Sunday, April 10, 2016
The century of revolution in the United States after the Civil War was economic, not political, freeing households from an unremitting daily grind of painful manual labor, household drudgery, darkness, isolation, and early death. Only one hundred years later, daily life had changed beyond recognition. Manual labor jobs were replaced by work in air-conditioned environments, housework was increasingly performed by electric appliances, darkness was replaced with light, and isolation was replaced not just by travel, but also by color television images bringing the world into the living room. More important, a newborn infant could expect to live not to age forty-five, but to age seventy-two. The economic revolution of 1870 to 1970 was unique in human history, unrepeatable because so many of its achievements could only happen once.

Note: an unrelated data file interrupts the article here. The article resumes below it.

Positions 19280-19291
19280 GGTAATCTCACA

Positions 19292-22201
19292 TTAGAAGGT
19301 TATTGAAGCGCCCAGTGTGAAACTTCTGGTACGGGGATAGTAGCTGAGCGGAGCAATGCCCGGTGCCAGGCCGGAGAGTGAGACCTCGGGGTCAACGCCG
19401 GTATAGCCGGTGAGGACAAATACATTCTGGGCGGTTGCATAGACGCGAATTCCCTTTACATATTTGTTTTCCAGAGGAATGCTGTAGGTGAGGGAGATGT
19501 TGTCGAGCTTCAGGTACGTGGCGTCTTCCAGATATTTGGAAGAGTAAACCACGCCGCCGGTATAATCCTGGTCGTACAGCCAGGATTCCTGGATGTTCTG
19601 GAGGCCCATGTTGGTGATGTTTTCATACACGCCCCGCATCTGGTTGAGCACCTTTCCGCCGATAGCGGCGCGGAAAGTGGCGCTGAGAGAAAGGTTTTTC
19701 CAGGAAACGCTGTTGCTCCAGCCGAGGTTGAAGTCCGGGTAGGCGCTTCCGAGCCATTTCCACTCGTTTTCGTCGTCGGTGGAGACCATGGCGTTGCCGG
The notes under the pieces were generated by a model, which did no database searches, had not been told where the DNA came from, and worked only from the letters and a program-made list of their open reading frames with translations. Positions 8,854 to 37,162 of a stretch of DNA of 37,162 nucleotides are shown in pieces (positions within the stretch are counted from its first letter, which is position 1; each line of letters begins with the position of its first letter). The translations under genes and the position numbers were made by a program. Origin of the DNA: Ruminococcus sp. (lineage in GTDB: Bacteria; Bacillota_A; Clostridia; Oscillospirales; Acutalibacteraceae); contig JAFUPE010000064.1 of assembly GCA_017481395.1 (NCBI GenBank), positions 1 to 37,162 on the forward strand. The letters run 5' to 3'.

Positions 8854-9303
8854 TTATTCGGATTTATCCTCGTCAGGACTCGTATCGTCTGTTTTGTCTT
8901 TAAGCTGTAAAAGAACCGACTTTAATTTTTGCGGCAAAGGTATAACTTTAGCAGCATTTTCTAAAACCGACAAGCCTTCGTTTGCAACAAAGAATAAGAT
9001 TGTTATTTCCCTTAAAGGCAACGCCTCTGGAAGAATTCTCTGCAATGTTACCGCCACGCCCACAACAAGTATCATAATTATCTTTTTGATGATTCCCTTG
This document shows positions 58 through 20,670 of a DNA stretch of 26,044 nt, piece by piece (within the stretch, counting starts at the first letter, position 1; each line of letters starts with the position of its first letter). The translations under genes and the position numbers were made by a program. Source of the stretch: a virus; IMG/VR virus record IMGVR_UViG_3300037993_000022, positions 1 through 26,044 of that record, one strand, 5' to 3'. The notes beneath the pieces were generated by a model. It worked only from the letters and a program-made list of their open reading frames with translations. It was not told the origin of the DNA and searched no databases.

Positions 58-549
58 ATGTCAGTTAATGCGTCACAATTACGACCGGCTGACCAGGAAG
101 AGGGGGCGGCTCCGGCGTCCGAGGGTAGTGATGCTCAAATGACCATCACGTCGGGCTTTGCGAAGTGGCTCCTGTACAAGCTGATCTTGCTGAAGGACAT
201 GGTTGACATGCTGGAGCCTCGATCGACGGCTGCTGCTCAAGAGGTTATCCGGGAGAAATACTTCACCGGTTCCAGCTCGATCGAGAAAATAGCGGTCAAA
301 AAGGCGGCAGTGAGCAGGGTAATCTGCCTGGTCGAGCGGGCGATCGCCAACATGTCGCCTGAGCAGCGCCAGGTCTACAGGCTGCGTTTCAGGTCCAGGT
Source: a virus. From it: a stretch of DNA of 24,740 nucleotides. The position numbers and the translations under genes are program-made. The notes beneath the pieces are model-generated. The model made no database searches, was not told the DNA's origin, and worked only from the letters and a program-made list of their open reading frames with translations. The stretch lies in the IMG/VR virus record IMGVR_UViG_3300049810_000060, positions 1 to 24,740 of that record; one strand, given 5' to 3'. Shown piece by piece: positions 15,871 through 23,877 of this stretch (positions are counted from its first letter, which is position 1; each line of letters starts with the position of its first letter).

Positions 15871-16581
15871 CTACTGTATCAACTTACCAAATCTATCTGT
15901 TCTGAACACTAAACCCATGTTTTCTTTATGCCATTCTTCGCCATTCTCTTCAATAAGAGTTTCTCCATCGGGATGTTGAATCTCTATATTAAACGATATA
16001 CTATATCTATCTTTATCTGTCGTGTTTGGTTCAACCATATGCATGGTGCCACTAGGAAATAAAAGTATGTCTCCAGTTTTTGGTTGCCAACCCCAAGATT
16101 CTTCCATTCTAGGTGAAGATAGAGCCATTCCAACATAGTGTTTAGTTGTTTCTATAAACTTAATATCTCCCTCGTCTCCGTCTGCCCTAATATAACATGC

-Robert J. Gordon, The Rise and Fall of American Growth: The U.S. Standard of Living since the Civil War